“They’ve always been my inspiration,” said Attenborough.

Muker’s memorials will be in the revised Pevsner.

WHILE the lady talked, the column walked, chiefly around Grinton where the energetic village conservation group actively seeks to preserve flora and fauna – not least the churchyard bats, common and soprano pipistrelle and a few of the long eared sort. That very evening a “special bat event” was advertised, 20.50 for (inexplicably) 21.08. Irritatingly, winged denizens of an altogether smaller and more pesky sort also abound. Scratching, we scratched.

THEN there were the Masham swifts, about which we wrote three weeks ago and which now will be packing their bags for Africa.

Everyone else from the Sunday Telegraph to the Spectator (“these are not birds, they are angels”) seems also to be on a flight of fancy with the declining swifts – Latin name apus apus, which means no feet, no feet.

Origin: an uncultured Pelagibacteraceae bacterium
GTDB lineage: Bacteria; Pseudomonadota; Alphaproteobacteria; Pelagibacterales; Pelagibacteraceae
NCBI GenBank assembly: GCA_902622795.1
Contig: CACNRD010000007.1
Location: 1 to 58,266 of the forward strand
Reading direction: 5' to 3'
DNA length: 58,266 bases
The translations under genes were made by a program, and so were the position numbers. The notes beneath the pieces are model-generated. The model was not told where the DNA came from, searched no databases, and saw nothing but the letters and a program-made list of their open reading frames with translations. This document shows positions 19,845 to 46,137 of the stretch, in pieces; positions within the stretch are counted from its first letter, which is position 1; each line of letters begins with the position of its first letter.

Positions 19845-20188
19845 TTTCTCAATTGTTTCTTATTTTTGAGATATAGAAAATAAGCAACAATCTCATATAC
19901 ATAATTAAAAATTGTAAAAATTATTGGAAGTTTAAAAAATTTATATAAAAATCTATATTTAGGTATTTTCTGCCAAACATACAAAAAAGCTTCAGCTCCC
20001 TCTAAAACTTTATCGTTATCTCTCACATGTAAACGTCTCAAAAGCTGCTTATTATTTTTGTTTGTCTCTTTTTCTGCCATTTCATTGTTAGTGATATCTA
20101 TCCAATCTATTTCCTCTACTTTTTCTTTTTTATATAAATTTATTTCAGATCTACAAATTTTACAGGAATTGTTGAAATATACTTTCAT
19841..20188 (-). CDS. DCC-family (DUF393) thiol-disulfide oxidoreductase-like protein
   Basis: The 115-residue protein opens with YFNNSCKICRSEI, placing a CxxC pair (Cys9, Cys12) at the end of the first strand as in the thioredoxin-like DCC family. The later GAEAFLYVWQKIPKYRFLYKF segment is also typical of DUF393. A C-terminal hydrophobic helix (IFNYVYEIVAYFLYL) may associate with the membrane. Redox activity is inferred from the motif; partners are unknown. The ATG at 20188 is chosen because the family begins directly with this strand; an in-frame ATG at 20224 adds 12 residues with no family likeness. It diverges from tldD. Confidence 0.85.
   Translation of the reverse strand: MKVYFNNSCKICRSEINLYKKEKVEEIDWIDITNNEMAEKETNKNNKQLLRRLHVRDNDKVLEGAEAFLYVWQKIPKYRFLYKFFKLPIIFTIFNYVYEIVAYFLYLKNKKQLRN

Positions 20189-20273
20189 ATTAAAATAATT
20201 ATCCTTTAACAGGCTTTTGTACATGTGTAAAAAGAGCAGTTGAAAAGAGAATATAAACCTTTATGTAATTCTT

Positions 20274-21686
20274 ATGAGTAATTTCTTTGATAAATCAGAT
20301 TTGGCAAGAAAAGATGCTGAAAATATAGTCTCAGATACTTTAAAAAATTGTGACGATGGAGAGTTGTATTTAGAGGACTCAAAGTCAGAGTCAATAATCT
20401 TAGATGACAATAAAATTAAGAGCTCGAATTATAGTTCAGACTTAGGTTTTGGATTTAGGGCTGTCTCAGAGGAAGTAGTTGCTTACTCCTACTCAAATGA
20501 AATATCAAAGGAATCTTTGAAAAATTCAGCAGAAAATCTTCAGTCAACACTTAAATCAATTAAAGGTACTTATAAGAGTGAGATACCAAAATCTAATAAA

Brian Dixon in Darlington wrote that he and his wife regard the swift season – “early May to early August” – as the true summer. Martin Birtle said that he’d seen swifts above Billingham for the first time since he moved there in 1975.

The Sunday Times had also had a nature column which told how the hobby hawk flies so fast that it can take out swifts on the wing.

The Latin name for the hobby is Subbuteo, as in table football, which not many may have known. They do now.

IN the August edition of the Upper Wensleydale Newsletter, meanwhile, the doubtless pseudonymous Rose Rambler writes of the pleasure of discovering young woodpeckers scoffing her peanuts. “I was quite thrilled until a neighbour told me that the adults had stolen the babies from her resident house martins. It’s never simple.”

…and finally, great good wishes to the admirable Canon David Kennedy, retiring vice-dean of Durham Cathedral and former rector of Haughton, Darlington.

Canon Kenn3edy is perhaps best remembered hereabouts for the 2008 At Your Service column on a harvest festival in a barn at Ingleton, between Darlington and Barnard Castle, interrupted within seconds of the start by the arrival of a herd of cows.

Headed “Bovine intervention”, the column recalled Mr W C Fields’s great aphorism about never working with animals and children – something which today’s offering has wholly ignored.

Back again next week? Naturally.